Nationals Arm Race

"… the reason you win or lose is darn near always the same – pitching.” — Earl Weaver

My Answers to Boswell’s Chat Questions 8/22/11 edition

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Everyone's excited for the return of Strasburg. Photo via centerfieldgate.com

Boswell’s weekly chat had more Redskins questions than normal, but there was a slew of baseball questions in there as well.  As always, questions are edited for levity/clarity and I write my answer before reading his.

Q: When is Strasburg coming back?

A: Per Mark Zuckerman’s csnwashington article, based on his regular 5-day rest and build up of innings, we should expect Stephen Strasburg back in the majors around September 6th or 7th, right in the middle of the mid-week LA Dodgers series.  Wow imagine if he went up against Clayton KershawBoswell guesses 9/6/11 but repeats over and again these are guesses, since rainouts have a funny way of ruining best laid plans for advance ticket buyers.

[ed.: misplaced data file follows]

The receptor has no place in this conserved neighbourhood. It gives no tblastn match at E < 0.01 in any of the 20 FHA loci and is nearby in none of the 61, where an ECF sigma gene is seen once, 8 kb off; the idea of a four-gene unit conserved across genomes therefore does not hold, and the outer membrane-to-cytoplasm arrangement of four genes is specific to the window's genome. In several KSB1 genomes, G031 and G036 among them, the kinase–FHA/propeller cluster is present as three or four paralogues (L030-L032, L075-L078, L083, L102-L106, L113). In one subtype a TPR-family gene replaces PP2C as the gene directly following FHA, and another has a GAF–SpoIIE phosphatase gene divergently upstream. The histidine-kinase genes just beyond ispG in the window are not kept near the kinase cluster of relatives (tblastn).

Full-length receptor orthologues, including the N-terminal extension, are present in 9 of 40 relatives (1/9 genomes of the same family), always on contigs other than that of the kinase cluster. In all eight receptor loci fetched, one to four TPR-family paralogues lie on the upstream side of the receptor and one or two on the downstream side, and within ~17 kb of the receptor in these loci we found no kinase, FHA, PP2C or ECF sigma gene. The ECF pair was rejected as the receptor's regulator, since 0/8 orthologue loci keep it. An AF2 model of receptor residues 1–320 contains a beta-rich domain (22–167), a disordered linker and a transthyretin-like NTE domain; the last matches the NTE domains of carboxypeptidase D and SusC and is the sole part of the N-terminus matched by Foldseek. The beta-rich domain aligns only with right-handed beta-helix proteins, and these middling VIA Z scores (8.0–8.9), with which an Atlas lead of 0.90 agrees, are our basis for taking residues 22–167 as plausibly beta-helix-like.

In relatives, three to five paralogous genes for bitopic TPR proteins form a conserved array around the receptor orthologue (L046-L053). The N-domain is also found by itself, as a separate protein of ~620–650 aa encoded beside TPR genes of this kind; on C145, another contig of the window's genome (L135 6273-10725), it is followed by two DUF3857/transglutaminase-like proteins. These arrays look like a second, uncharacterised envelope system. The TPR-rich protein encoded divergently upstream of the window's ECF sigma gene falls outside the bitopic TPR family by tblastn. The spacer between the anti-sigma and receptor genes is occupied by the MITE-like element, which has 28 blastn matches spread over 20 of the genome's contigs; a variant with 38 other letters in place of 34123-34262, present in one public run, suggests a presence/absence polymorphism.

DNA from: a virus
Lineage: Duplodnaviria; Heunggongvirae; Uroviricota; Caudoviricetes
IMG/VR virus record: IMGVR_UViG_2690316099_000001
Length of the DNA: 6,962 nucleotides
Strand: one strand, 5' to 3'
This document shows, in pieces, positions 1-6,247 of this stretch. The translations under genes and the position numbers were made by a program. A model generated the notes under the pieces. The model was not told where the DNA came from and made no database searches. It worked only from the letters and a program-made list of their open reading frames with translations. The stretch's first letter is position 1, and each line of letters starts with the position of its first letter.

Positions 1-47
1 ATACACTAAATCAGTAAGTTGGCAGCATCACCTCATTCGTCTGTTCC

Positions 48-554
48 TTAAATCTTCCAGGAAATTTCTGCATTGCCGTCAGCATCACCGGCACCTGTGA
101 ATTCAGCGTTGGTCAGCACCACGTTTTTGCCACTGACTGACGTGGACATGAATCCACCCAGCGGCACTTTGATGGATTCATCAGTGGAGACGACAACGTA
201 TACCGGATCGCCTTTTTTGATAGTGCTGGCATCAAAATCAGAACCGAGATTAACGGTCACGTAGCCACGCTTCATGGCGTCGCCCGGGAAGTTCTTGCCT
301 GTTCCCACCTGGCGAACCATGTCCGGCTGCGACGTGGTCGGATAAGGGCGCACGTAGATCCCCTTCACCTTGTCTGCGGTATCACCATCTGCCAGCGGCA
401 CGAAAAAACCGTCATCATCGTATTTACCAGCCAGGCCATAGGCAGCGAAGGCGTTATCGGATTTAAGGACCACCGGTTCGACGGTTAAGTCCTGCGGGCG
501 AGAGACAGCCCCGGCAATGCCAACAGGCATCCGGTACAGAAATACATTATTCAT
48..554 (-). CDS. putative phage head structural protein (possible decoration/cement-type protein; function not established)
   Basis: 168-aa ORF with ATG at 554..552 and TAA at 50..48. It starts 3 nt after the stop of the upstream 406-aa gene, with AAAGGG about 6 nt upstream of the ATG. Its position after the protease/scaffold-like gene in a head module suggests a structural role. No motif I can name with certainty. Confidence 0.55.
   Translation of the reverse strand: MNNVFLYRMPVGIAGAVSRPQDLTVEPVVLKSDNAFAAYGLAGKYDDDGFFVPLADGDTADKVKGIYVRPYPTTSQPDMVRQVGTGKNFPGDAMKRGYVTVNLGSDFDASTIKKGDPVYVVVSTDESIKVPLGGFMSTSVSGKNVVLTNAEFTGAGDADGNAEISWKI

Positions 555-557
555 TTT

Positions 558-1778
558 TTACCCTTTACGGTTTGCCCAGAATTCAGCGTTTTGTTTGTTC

Q: Will the Nats go after Prince Fielder, as is being mentioned in the national press?

A: I don’t think so; he doesn’t really fit the mold of the track-star/plus-defender mentality that Mike Rizzo wants in his players.  Plus, signing Fielder basically light’s Adam LaRoche‘s $8M 2012 salary on fire.  And I don’t think the owners would take lightly to 1/8th of their payroll being so blatantly wasted.  I don’t think 2012 is the year that this team makes its big FA splash; I still see 2012 as an incremental building year, with 2013 the year to make a run.  Boswell Agrees.

Q: Do you agree with Kasten’s plan to fill the stadium with Phillies fans?